and positive way, and they gather and circulate not just financial value but
also non-monetary ‘thick value’ that is so critical to a business’s ability to
These three elements don’t have to all be addressed for a business to be
somewhat generative. Just one of these elements can make a positive
contribution to the health and growth of your own company. But, if your
business wants to maximize its own capacity and contribute to the grown of
your network, you’ll want to consider how to create all three elements in
your business practice.
Working Out Loud In Public: A Generative Practice Nov 20,
One of the easiest ways for your organization to be generous and
create opportunities for others is to share your learning.
Keeping all your learning inside your own organization is a stingy behavior.
It’s the organization’s form of knowledge hiding or knowledge hoarding.
Sure, keeping your knowledge inside your own business’s walls keeps other
organizations from catching up to yours in a particular area, but it also
prevents your organization from amplifying your own learning by seeing how
others might use the same ideas a little differently.
Boost Companies have a practice for sharing their learning that is
relatively easy to do, and has a really high payoff for the work that it
might take.
That practice is Working Out Loud in Public.
Working Out Loud in Public
Boost Companies work out loud by talking about what they’re doing while
they’re doing it. Talking and writing about what you are doing “externalizes”
the ideas and insights. It gets them out of your head and onto a place where
you and others can more easily see what you’re doing and find ways to
Some companies already work out loud inside their company walls,
sharing their learning but keeping it all private.
Boost Companies
deliberately choose social, network tools like blogs to work out loud
in public- where anyone can see.
With these tools, boost companies create a window into their company’s
learning process. That means that people outside the company, like us, can
look through this public window and learn along with them.
(That image is supposed to be a boost company, seen through a window.)
You can see this practice of Working Out Loud In Public in action on any one
of hundreds of software engineering blogs (which I read for fun, because I
don’t know why.)
On engineering blogs, developers write about what they’re doing to build
new software, solve problems, or increase their system’s reliability. Since
they publish this writing publically, they invite other software developers to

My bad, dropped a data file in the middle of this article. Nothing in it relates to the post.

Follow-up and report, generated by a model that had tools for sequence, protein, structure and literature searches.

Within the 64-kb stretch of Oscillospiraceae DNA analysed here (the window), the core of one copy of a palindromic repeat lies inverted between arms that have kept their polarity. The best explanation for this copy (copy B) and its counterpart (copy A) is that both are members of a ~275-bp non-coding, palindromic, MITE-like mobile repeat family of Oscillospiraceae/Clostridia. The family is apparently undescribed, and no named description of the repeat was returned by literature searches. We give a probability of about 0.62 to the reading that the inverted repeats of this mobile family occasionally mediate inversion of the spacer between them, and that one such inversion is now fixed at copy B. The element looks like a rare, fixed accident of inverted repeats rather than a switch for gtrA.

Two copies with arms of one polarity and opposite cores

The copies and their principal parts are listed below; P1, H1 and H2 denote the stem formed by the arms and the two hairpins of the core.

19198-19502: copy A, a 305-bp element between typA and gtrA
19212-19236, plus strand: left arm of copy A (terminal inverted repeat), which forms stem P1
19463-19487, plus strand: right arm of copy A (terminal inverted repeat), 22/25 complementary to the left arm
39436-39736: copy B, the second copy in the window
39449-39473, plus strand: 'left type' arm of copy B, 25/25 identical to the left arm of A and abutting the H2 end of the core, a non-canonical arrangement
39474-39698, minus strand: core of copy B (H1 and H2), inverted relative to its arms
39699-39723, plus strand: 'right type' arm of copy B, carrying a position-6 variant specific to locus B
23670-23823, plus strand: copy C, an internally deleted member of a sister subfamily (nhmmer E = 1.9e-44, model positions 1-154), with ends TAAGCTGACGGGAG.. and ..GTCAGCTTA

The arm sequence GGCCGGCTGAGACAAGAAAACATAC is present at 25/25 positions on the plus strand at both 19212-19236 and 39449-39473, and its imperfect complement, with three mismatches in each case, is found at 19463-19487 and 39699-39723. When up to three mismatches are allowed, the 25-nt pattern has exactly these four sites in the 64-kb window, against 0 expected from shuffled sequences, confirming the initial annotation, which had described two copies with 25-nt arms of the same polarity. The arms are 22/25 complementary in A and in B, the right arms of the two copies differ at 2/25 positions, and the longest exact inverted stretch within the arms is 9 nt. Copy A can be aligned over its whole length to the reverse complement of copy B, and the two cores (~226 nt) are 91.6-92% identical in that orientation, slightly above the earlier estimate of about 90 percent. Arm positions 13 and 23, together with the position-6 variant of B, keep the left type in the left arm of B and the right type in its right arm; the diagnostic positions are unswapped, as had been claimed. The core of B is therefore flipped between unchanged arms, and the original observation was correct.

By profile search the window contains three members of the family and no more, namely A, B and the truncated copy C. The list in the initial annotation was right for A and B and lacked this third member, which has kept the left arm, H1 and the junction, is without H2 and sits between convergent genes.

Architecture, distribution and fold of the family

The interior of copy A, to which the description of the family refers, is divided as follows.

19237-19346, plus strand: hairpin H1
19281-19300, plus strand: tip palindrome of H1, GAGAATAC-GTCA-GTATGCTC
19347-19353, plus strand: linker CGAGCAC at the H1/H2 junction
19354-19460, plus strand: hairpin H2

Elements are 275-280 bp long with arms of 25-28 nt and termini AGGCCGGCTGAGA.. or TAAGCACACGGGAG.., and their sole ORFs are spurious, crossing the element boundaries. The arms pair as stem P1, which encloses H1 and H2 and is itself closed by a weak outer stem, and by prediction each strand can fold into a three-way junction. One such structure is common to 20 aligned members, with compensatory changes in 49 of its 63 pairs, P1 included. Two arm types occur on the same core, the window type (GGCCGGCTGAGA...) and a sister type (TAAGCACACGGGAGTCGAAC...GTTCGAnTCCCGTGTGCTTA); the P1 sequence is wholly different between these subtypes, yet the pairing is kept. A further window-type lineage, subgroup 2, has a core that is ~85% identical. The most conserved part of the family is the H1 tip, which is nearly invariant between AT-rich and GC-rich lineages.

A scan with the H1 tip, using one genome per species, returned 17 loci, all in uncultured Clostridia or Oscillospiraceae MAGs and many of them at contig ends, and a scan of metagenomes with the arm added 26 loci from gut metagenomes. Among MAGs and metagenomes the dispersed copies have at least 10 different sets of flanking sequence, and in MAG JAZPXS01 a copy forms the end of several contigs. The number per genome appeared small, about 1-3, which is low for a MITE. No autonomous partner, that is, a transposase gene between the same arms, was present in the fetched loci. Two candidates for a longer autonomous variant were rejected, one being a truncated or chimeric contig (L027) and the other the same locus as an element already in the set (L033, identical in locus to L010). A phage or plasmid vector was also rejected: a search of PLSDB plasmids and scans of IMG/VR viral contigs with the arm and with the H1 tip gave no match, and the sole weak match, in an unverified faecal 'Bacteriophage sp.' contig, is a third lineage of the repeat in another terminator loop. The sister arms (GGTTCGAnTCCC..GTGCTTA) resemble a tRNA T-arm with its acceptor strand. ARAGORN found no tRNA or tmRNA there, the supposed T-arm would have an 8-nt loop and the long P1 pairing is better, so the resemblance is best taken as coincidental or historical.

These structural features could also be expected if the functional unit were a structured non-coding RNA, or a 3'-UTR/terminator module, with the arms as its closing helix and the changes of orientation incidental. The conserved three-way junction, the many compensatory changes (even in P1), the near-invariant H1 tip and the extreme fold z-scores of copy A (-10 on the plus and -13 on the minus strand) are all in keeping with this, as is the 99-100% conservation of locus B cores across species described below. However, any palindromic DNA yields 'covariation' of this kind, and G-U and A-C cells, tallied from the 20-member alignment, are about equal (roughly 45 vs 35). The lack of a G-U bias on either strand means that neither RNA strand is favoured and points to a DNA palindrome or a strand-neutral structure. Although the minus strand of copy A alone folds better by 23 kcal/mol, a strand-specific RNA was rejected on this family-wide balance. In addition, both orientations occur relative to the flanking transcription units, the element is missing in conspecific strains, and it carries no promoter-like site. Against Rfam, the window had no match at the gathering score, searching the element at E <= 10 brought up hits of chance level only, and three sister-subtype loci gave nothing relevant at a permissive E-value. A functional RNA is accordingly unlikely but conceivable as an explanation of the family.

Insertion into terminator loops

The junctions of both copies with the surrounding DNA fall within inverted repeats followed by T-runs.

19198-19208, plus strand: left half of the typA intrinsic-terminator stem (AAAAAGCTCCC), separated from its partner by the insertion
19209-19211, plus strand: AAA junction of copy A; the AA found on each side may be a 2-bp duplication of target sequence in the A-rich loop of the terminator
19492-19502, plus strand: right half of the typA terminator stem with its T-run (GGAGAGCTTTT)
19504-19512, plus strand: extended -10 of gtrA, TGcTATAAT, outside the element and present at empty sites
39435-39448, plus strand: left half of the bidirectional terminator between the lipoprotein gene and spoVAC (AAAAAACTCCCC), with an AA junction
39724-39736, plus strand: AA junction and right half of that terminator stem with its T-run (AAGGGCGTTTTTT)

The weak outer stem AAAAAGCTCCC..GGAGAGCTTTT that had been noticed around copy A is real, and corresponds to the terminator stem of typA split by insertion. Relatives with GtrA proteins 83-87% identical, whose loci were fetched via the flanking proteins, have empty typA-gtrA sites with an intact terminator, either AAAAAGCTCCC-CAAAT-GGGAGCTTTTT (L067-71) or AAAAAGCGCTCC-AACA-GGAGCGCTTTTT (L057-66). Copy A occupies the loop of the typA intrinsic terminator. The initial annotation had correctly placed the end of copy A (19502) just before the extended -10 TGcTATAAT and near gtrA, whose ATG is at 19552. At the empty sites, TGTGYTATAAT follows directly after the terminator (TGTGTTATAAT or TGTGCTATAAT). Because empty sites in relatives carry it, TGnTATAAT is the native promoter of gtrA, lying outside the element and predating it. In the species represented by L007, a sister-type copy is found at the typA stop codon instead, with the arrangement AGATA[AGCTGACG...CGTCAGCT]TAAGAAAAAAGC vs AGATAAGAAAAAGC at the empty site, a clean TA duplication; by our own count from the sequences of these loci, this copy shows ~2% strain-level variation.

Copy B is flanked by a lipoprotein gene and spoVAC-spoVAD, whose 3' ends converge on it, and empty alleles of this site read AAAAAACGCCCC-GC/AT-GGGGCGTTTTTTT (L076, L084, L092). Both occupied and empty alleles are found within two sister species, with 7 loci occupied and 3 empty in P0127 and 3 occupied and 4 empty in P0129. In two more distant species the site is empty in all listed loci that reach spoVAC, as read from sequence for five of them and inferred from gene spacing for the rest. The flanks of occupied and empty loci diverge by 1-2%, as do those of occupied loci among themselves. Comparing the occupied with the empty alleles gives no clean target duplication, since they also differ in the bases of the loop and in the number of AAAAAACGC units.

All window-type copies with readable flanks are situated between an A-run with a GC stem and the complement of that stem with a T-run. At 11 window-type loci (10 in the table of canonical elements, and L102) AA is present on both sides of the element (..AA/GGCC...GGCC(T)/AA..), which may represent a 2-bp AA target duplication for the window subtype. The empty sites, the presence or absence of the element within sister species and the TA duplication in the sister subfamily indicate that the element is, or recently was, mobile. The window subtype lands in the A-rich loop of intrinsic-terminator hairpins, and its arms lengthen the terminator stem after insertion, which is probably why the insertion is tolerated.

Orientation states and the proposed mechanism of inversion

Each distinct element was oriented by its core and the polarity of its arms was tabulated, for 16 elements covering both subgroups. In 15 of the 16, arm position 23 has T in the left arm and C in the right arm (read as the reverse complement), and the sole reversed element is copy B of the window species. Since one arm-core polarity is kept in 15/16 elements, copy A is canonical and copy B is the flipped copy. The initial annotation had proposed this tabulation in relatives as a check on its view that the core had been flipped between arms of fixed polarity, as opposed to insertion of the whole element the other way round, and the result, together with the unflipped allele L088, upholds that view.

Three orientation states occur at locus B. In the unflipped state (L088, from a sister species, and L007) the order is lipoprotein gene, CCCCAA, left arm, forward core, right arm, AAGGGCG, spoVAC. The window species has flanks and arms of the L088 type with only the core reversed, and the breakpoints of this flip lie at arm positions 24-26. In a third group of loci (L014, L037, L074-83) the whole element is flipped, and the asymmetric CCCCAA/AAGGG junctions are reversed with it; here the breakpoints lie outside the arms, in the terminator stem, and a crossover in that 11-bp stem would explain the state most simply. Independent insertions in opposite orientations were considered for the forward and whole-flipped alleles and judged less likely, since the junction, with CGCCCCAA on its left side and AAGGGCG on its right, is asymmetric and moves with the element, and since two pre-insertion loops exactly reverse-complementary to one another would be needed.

learn along with them.
An example that I used in my TEDx talk, which you can check out yourself,
is over at the lodging reservations site, AirBnB.
Working Out Loud In Public at AirBnB
(Summarizing this story for the general reader): Starting in about October
of 2012, the software designers at AirBnB, have been working out loud on a
particular challenge– speeding up their mobile app. They identified the
problem, tried several different combinations of (what non-engineers would
describe as) software revisions, patches, temporary fixes, and new tools.
With each experiment they’ve explained out loud, in public, on their blog,
exactly what they tried, why, what worked and what didn’t.
They even shared and open-sourced the tool they built, to save everyone
else that step.
How many people do you imagine read those AirBnB blog posts?
I guessed that there were maybe a few hundred readers. I was stunned to
learn that they’d had over 80,000 page views.
What does that net out to, in terms of unique visitors? I tweeted a few of
AirBnB’s engineers to ask them, but they weren’t able to give me a firm
number. Considering that some readers come back many times, I suspect
those 80,000 page views net out to 20,000 to 60,000 people.
At either end of that range, that’s an amazing number of people who can
learn from AirBnB’s experience, improve their own developer skills, and
apply AirBnB’s lessons to make their own companies’ sites faster too. All
from a simple act of sharing your process using a public tool.
A caveat
Of course, Boost Companies don’t work out loud in public on everything that
they do. They don’t share the recipe to the “secret sauce” or give away
competitive secrets.
In the case of engineering blogs, they focus on technical or process learning
(versus content, product or market learning) that is generalizable because it
improves a core process that does’t compromise the business’s distinctive
value. Rather, by Working Out Loud In Public, boost companies share
whatever else they can that might help another business get better.
Working out loud in public means that we get the business-building benefit
of reflecting on our own learning and sharing it within our organization.
Working out loud in public means that we share that learning with
whoever can use it, in the hopes that they apply it in their own
business to build capacity and create new opportunity.
Boost Companies believe that — if we make it easy to learn from
each other’s experience — as a group we’ll make fewer mistakes and
— we’ll all grow smarter, faster.
Note: This post covers one of the three practices of generative generosity,
as I describe in my TEDx Hoboken Talk: The Boost Revolution.
See also: How Social Media Reveals Invisible Work
How Social Media Can Help Us Generate Productive Momentum
Check out John Stepper’s blog, where he’s been unpacking the idea of
Working Out Loud.